Randy Alcorn, Senior Writing Fellow for Californians for Population Stabilization (CAPS), in the Sep. 2007 CAPS online article "A Presumption That Taxes Probability," wrote:

“While it is empirically true that illegal immigrants are hard working, the presumption that they pay their fair share of taxes is not as visibly verifiable or probable…

Although illegal immigrants pay billions of dollars in Social Security taxes, Social Security taxes are not the main source of revenue for state and federal government—income taxes are…[W]hile illegal immigrant workers have less opportunity to avoid Social Security tax withholdings, they do have opportunity and motivation to avoid income tax withholdings.

So, even if an illegal immigrant worker, who in order to reduce tax withholdings had claimed exemptions for dependents living in Mexico, decided to file tax returns, he or she would likely have a larger tax liability than expected. What are the odds that he or she would come up with the money to pay the additional tax bill after the IRS denied the non-qualifying exemptions? And, if the illegal alien falsely claimed that the dependents did live in the U.S., he or she would still be evading his or her fair share of taxes…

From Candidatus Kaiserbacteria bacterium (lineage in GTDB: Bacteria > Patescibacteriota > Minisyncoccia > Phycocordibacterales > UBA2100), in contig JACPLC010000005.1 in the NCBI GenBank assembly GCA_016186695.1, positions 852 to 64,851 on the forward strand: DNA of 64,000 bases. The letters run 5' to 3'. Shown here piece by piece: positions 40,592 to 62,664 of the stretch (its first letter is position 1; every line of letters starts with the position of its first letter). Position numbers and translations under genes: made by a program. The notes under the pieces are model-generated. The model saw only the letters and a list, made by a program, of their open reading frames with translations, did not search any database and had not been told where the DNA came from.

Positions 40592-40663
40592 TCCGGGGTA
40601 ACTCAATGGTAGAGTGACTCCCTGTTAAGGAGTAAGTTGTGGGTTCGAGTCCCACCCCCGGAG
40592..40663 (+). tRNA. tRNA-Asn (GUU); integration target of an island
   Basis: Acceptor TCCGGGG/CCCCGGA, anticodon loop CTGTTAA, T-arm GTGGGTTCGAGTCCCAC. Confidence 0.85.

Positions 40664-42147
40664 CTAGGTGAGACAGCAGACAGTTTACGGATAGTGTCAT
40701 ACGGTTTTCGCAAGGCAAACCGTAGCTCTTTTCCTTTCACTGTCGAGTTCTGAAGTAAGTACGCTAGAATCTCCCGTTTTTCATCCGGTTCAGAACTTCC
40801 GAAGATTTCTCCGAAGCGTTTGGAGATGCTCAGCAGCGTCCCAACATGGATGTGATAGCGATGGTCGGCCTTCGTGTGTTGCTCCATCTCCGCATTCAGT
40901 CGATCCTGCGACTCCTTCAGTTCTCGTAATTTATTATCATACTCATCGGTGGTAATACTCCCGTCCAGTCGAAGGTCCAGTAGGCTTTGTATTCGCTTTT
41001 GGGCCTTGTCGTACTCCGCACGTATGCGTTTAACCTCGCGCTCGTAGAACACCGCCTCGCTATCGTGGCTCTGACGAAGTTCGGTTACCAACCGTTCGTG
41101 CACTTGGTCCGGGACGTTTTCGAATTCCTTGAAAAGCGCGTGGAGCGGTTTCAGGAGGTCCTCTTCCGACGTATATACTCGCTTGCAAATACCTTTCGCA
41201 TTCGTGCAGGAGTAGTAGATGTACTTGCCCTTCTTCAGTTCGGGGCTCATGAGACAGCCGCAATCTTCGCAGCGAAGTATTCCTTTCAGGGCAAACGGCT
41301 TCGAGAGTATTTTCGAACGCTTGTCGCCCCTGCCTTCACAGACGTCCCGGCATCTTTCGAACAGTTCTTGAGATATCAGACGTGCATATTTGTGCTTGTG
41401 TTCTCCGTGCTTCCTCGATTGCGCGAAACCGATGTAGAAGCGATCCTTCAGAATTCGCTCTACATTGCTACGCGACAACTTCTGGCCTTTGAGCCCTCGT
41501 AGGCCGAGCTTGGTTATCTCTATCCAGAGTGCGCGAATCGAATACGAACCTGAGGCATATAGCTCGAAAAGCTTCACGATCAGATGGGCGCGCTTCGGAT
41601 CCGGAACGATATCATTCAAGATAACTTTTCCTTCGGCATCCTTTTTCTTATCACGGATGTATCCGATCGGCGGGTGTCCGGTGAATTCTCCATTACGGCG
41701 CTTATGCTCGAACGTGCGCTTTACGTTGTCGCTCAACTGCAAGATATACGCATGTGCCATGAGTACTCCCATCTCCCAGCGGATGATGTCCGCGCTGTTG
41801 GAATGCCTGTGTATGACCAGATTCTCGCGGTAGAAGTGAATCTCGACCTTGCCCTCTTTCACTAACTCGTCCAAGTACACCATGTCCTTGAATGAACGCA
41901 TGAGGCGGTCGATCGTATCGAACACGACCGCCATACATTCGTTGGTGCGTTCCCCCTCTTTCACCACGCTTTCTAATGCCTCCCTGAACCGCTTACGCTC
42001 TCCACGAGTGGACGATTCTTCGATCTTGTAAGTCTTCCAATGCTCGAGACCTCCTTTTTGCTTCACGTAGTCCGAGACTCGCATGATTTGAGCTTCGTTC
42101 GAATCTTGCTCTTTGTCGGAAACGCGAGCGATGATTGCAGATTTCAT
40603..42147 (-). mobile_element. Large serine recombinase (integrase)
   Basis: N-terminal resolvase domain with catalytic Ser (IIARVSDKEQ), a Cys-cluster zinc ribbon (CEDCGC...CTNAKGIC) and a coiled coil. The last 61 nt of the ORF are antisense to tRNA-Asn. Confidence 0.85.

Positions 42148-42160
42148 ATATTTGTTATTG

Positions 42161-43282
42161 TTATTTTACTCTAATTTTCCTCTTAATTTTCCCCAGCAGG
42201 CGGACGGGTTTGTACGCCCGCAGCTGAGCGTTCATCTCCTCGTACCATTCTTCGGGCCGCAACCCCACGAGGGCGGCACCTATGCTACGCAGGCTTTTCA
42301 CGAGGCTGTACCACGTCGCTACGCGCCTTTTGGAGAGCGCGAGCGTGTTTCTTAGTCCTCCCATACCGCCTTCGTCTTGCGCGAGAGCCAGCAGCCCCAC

By evading taxes, benefiting from taxpayer provided services, and undermining the wage scale of legal workers, it is highly unlikely that illegal immigrants are a net benefit to most Americans.”

Sep. 2007